Ryan Giggs and Gary Neville have already made a solid success of their restaurant Café Football, but now they are reuniting with the Class of ‘92 to branch out into Hotel Football, a £23m project being built in the shadow of Old Trafford stadium. Janet Harmer catches up with Messrs Giggs, Butt, Scholes and the Neville brothers
The camaraderie is apparent from the moment the five of them come together for this interview. Alongside the gentle ribbing and jokey asides, there is an obvious, deep sense of trust between Ryan Giggs, the Neville brothers (Gary and Phil), Paul Scholes and Nicky Butt.
It was announced last July that Giggs and Gary Neville would be teaming up with Stuart Procter, former general manager of London's five-star Stafford hotel, to launch two brands - Café Football and Hotel Football - under the umbrella of their new company, GG Hospitality.
At the time the jury was undecided as to whether these would be tacky, themed sporting ventures or serious businesses.
Since then, the 120-seat Café Football launched in Westfield Stratford in London in December to great success with customers and critics alike. Around 250 covers - each spending an average of £18.48 - are served on weekdays and up to 400 on Saturdays and Sundays.
Jay Rayner, writing in The Observer, dispelled any thought that this venture has not undergone significant research and forethought. He described the food as "shockingly good", and enthused that the sausage roll, filled with pulled pork shoulder and black pudding with fennel seeds, is "a glorious thing that I want to adopt as my third child".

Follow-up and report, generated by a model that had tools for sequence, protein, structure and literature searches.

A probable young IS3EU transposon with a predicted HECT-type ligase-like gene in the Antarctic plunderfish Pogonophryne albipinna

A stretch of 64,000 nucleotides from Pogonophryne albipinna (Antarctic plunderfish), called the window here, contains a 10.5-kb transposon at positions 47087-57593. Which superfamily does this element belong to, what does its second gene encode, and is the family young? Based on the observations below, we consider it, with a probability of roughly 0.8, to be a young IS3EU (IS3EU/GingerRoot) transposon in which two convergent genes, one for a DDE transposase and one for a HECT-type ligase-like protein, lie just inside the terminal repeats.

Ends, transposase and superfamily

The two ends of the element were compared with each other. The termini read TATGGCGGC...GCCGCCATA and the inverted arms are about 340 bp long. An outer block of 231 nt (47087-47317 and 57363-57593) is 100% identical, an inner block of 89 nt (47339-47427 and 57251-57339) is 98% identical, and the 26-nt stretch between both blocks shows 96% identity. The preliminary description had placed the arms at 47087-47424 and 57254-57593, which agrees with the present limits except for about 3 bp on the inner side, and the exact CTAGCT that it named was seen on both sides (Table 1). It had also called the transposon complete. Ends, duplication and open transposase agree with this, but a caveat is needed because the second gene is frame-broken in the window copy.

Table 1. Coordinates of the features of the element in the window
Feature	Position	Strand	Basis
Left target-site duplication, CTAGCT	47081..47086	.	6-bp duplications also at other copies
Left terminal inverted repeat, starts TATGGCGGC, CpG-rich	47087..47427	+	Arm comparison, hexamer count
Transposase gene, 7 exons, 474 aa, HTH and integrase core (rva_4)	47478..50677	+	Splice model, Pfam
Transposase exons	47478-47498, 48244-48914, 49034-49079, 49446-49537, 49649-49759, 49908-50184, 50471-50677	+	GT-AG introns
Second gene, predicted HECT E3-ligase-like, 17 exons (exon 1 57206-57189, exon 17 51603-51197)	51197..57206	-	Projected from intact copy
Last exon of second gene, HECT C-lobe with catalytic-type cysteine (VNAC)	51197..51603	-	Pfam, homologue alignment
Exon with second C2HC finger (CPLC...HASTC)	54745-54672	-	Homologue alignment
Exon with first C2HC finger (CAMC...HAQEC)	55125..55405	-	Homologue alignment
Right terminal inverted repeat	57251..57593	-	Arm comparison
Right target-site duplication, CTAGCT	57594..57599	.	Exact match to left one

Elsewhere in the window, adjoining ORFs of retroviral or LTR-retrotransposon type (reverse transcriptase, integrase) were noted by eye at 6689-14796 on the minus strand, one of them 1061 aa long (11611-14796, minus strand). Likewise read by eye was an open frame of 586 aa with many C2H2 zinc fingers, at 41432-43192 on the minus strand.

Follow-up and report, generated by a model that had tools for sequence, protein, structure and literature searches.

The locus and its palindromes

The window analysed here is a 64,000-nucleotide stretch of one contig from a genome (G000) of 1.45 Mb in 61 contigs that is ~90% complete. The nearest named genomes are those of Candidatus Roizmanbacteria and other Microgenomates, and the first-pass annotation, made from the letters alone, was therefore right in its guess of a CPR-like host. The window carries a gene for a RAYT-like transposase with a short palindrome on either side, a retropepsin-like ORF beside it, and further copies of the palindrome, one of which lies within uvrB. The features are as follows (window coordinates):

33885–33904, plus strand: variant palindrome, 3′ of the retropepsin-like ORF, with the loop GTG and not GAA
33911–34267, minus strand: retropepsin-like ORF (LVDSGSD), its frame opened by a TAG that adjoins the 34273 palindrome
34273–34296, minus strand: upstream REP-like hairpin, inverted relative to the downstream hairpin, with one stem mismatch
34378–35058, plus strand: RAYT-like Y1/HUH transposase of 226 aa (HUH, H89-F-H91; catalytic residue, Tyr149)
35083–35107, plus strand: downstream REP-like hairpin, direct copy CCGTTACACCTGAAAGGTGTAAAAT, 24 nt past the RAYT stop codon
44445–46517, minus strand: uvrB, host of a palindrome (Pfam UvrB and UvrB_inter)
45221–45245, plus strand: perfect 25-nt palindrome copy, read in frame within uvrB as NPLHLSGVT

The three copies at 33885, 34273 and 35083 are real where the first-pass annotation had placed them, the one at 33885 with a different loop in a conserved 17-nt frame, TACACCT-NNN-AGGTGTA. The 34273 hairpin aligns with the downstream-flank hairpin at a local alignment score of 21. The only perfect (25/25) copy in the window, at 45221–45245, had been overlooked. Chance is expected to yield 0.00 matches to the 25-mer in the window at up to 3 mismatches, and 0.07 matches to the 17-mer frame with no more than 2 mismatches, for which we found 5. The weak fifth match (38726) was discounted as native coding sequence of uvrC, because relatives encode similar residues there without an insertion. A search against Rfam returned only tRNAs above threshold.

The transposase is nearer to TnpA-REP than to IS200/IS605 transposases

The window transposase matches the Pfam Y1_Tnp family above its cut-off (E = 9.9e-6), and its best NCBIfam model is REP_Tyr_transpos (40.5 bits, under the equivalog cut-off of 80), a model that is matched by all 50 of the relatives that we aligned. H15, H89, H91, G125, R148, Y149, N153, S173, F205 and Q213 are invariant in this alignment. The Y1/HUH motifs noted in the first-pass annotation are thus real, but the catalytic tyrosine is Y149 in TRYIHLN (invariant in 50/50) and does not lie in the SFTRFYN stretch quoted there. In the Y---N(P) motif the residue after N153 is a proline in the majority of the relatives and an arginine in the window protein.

When it came to the inaugural Hotel Football, which is located next to Old Trafford stadium, Giggs and Gary Neville, both directors and shareholders of GG Hospitality, decided they wanted to get Phil Neville, Scholes and Butt on board. "We are not only former teammates, but also best friends," says Giggs.
Neville adds: "Ryan and I are now looking forward to another new challenge, working with our former teammates again to create something special near to the stadium we all love."
The fact that the 133-bedroom hotel is going to be home to the Old Trafford Supporters' Club (OTSC) has been a major reason why Phil Neville, Scholes and Butt have got involved in the project.
"We're all finishing our football careers and we were keen to give something back to our fans through the supporters' club," says Phil Neville.
"It is a great project and something we are all very excited about," adds Butt. "We're all very close and like one big family - being in business is the next step."
While Giggs and Gary Neville have been involved every step of the way in the development of both Café Football and Hotel Football and have had an input nto menu tastings and the design of the bedrooms, the contribution from Phil Neville, Scholes and Butt will be focused on their physical presence in the hotel
as often as possible, with at least one of them always present on match days.
Procter, managing director of GG Hospitality, says OTSC will be at the heart of the first Hotel Football and that is why the directors wanted it to be located where it is - on what was previously derelict land within the shadow of Old Trafford.
"We will be able to host up to 1,500 on match days, including 500 in OTSC, where people will be able to share great moments of Manchester United's history with the Class of '92," he explains. "It is about supporting the local community."
Scholes adds: "I was really keen to get involved - the hotel is our chance to create something special for the fans."
The location, of course, is a prime one that goes way beyond the membership of the OTSC. Not only does the Old Trafford stadium attract a capacity of 80,000 on match days, but its museum also welcomes 300,000 people annually - a figure that is expected to grow to 500,000. There is also an increasingly large business community nearby, with the BBC and ITV at MediaCity just five minutes away.